‘If God Is Good, Why Do Animals Suffer?’



If God is good, why do animals suffer?”


This question was the sub-headline for a recent cover story in Christianity Today magazine (Why Does Creation Groan?”) by Calvin University theologian John R. Schneider. It’s a twist on the age-old problem defined as follows by the eminent Christian intellectual C.S. Lewis in his best-selling classic “The Problem of Pain”:

“If God were good, He would wish to make His creatures perfectly happy, and if God were almighty He would be able to do what He wished. But the creatures are not happy. Therefore God lacks either goodness, or power, or both.”

Early in the COVID-19 scourge, The Religion Guy attempted to scan the current discussions in a field known technically as “theodicy” — as here. The issue is as ancient as the Bible’s poetic masterpiece from thousands of years ago, the Book of Job, which provides no snappy formulas to answer these mysteries.

Regarding humanity and its problems, theologians have blamed evils on humans’ free will that necessarily allows dire events to occur, and/or on Satan and demonic minions. However, the scale and depth of, for instance, the mass extermination of the Nazi Holocaust raised the persistent but unanswerable question in both Jewish and Christian circles of why God did not miraculously intervene.

Writing just prior to that and other World War II atrocities, and his own battle wounds from World War I, Lewis advised us to be careful in thinking about God as “all-powerful” because He obviously cannot do things that by their nature are impossible to do. Along similar lines, leading contemporary philosopher Alvin Plantinga at the University of Notre Dame proposed that we cannot logically conceive of any possible universe where the Creator allows human free will to operate and at the same time our existence lacks all sin and consequently all suffering.

On a devotional plane, other writers see a partial response in the Christian God who is uniquely present with us through our sufferings because in his divine Son the Godhead experienced physical and spiritual devastation in the crucifixion on Calvary. Moreover, Christians believe that the afterlife will redress and rebalance the built-in unfairness of earthly life.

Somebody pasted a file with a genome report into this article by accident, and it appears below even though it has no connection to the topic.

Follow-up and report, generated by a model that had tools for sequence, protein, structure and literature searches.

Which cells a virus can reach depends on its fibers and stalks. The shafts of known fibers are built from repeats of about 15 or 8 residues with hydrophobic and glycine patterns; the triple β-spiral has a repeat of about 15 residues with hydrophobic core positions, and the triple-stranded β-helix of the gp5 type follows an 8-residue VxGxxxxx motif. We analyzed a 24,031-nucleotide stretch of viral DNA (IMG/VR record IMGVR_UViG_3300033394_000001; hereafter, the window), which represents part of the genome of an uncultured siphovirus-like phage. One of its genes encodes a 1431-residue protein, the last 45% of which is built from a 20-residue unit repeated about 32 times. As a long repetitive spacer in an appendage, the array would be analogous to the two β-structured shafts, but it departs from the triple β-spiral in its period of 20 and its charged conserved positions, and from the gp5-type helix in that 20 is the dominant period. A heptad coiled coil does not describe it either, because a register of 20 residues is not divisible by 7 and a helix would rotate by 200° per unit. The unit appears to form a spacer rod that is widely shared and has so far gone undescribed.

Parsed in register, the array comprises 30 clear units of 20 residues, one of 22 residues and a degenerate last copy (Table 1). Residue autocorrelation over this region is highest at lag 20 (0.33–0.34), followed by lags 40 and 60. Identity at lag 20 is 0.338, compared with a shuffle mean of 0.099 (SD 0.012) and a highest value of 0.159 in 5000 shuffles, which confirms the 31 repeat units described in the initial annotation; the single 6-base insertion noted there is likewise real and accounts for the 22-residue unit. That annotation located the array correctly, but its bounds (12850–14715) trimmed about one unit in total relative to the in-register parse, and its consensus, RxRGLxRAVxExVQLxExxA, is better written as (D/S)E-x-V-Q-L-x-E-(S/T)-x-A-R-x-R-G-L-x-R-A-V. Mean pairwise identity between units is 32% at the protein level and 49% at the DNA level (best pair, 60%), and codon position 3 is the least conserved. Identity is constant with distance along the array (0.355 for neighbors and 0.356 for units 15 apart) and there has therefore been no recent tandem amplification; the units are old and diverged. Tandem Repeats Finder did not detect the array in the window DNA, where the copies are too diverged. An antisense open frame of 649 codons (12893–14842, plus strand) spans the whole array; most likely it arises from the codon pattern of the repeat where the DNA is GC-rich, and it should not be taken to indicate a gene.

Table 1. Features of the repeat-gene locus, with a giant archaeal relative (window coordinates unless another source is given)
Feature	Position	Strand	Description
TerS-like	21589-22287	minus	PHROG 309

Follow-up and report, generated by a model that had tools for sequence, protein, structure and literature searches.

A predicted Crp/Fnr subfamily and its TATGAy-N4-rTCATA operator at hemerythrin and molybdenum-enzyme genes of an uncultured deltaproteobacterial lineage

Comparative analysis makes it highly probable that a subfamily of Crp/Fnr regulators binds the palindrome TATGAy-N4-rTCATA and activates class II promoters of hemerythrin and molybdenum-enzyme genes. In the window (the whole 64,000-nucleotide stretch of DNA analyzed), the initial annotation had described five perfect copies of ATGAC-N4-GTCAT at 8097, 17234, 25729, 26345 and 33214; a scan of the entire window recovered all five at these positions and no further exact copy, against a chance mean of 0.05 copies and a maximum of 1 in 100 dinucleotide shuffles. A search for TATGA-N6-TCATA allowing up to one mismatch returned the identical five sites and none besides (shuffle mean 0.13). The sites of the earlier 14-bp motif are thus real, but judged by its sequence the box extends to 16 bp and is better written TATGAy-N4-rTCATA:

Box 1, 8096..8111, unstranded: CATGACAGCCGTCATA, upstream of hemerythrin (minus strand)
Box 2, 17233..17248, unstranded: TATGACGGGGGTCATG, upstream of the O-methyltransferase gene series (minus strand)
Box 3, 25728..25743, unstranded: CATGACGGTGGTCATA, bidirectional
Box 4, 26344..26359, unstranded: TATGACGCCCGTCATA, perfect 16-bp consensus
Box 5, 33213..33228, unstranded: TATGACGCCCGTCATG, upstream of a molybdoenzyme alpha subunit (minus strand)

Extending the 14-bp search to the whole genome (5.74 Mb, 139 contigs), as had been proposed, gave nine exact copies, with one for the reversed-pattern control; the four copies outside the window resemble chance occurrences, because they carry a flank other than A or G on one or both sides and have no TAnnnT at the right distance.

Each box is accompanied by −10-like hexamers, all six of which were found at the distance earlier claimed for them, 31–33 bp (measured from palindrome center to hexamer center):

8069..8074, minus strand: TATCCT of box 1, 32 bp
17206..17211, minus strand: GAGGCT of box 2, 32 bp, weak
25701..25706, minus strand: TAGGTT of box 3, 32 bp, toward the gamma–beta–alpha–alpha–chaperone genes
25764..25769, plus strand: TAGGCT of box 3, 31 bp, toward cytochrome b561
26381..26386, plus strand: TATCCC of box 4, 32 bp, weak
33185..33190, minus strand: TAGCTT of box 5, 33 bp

As for natural evils (tornadoes, epidemics), writers say humanity’s fall into sin that followed God’s good creation, depicted in the biblical Book of Genesis, somehow ruins nature as God originally intended it.

Do disease and devastation for innocent people argue against God’s existence? Lewis and later writers see the opposite. Without the design and purpose of a moral God and the divine aspect of each person he creates, what could explain our inherent conviction that the innocent should not suffer, that certain things are unjust and that our world is awry? Meanwhile, elimination of belief in God does nothing to solve our dilemma on why people suffer.

And much, much more has been written.

Then turn to the specific animal aspect. Lewis in 1940 and Schneider in 2023 noted that in times past, theologians could argue that animals were swept up into the cosmic tragedies that resulted from the fall. But science tells us animals existed well before humans first appeared.

Before humanity’s fall, then, was Satan or a malevolent spirit operating? Are wild beasts guilty of willful “sin” as we understand it? Are domesticated dogs “innocent” and capable of “virtue,” as we may want to think? If the theory of evolution by natural selection is true, how can we comprehend the eons of wastage and death needed to produce the species we know?

Though a pet lover, Lewis’ approach in part was to minimize the problem by contending that much we observe in animals need not be what we know as suffering “in any real sense.” He limited that potential to higher beings that may be “sentient” or appear to have a “self” or “consciousness” or a “soul” — elephants but not oysters or earthworms. This in turn is wrapped up in whether animals are immortal and live on in heaven. Lewis admitted all of this must be mere “guesswork.”

Schneider is not satisfied with prior efforts by Lewis and others, and proposes a fascinating alternative.

Perhaps we need to comprehend the creator God as an artist. A painter or movie director conveys harsh images, and a musician composes dissonant chords and jagged rhythms, as elements within what we recognize over-all as artistic beauty. So perhaps that’s how we mortals should conceive of the cosmos as a whole. Others say that just so, pain is essential to medical diagnosis and treatment, and thus to health.

All of this theorizing can seem glib when excruciating pain afflicts a loved one or a flood destroys a hometown.

CONTINUE READING:Question: “If God is Good, Why Do Animals Suffer?” by Richard Ostling.

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